A nature-inspired device to incorporate edible insects into the world’s diet.

The BioX team from Thailand developed Jube, a bio-inspired chamber for capturing edible insects, the food of the future. After studying a range of carnivorous plants, the team decided to base their design on the Genlisea violacea “lobster-pot trap.” This is a Y-shaped modified leaf chamber that is easy to enter, but not to exit due to its inward-pointing hairs, which force the prey to move in a particular direction. This device promotes a more sustainable way to incorporate protein and nutrients into the world’s diet by offering an insect-capturing device that is unique and beautifully crafted.

4. Balcony Cultivator, Technical University in Zvolen, Slovakia:

A self-sustaining system that enables people to grow healthy food, without access to green space.

A team from the Technical University in Zvolen, Slovakia devised a self-sustaining system to help city-dwellers grow their own organic food, right on their balconies. The Balcony Cultivator design was inspired by the ability of some lizard species living in arid areas to collect water and moisture with their skin. The Balcony Cultivator draws moisture from a composting feature at the bottom of the device, where it develops into condensation in the top “cupola” of the design. The water then is directed to the plants’ roots via channels (or microstructures) on the inside of the cupola that are designed to mimic a lizard’s scales. Not only does this device provide a way to grow food for those without access to green space, but it also offers an alternative growing solution for drought-prone areas.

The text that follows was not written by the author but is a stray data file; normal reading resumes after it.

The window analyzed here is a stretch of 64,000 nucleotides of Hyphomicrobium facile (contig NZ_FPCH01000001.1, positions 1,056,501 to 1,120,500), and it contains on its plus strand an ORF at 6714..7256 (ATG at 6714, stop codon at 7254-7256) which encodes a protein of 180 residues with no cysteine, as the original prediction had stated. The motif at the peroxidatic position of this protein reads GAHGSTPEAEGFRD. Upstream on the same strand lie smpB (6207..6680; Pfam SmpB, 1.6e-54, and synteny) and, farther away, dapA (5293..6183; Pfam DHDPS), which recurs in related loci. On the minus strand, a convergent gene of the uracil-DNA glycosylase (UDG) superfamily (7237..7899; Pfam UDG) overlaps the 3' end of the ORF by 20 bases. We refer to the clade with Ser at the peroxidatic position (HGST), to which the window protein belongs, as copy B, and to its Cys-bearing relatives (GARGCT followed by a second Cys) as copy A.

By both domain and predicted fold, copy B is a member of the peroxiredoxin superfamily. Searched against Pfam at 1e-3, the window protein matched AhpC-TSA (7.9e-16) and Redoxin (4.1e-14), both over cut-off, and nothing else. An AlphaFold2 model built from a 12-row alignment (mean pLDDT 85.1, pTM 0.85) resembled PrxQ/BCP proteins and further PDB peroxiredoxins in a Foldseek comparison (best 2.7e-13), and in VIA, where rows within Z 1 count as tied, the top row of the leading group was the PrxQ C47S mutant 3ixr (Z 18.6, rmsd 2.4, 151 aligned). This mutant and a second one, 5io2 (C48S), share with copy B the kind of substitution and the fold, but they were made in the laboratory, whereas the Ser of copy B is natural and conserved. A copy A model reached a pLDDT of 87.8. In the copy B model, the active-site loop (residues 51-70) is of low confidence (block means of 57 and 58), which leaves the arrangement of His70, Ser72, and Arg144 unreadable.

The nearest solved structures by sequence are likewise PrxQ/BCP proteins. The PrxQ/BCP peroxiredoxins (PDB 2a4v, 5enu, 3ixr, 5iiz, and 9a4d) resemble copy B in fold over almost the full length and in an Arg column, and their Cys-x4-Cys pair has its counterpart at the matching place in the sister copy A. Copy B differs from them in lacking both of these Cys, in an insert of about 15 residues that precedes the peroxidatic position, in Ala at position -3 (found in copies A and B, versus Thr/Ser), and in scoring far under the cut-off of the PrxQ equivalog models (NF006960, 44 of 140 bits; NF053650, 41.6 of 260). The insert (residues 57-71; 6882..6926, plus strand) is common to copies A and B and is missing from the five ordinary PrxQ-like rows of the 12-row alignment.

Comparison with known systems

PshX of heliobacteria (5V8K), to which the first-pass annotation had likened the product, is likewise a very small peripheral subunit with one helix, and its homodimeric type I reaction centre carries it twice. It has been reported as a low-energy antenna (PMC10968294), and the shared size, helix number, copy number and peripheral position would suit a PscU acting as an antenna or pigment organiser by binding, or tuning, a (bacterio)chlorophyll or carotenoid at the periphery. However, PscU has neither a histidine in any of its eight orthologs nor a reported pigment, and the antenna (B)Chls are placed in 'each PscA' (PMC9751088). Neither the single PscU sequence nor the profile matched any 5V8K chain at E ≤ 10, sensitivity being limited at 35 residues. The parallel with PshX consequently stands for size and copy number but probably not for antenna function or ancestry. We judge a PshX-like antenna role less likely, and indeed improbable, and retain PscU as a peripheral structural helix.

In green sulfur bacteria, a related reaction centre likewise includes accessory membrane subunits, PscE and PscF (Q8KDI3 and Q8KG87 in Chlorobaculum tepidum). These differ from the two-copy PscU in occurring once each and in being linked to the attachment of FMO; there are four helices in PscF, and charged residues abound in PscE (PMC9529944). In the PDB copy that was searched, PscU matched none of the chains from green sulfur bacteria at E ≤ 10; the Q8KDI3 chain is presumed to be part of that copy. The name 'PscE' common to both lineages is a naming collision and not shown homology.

5. Hexagro, Milan, Italy:

A “groundless,” modular growing system that enables people to grow more food with a smaller footprint.

Team Hexagro from Italy has created a “groundless” growing system that gives people the opportunity to grow healthy food on a small footprint. Hexagro is made of recyclable, biodegradable materials and has a unique, hexagonal shape that was inspired by geometric patterns found in nature. Hexagro is modular and can adapt easily to a range of urban spaces. Four times more efficient than traditional farming techniques, Hexagro’s modular tree can produce a total of 342 lettuce plants per 2 square meters in comparison to traditional ground farming, which can produce 80 lettuce plants per 2 square meters. Its automatic irrigation system prevents plants from drying or being overfed by nutrients. A digital application will be developed in order to connect the system to smartphones.

6. Mangrove Still, Italy:

A desalination still that costs five times less than traditional solar stills.

This Italian team looked to mangroves and salt marshes for inspiration to address land degradation and water scarcity in coastal areas. Their design is a desalinating solar still that is optimized to produce fresh water for irrigation and costs five times less than traditional solar stills. The team’s goal was to develop a more sustainable, lower-cost way to produce fresh water in arid/semi-arid coastal areas, since current technologies for desalinating seawater are expensive, especially to generate enough water to irrigate coastal farmlands. To inform their design, the team looked at mangroves and salt marshes to learn about how these pioneering species establish themselves in coastal areas, then pave the way for other species to appear. They envision that a network of Mangrove Stills installed in a degraded, arid area could produce enough water revitalize the land and kick off a self-perpetuating microclimate.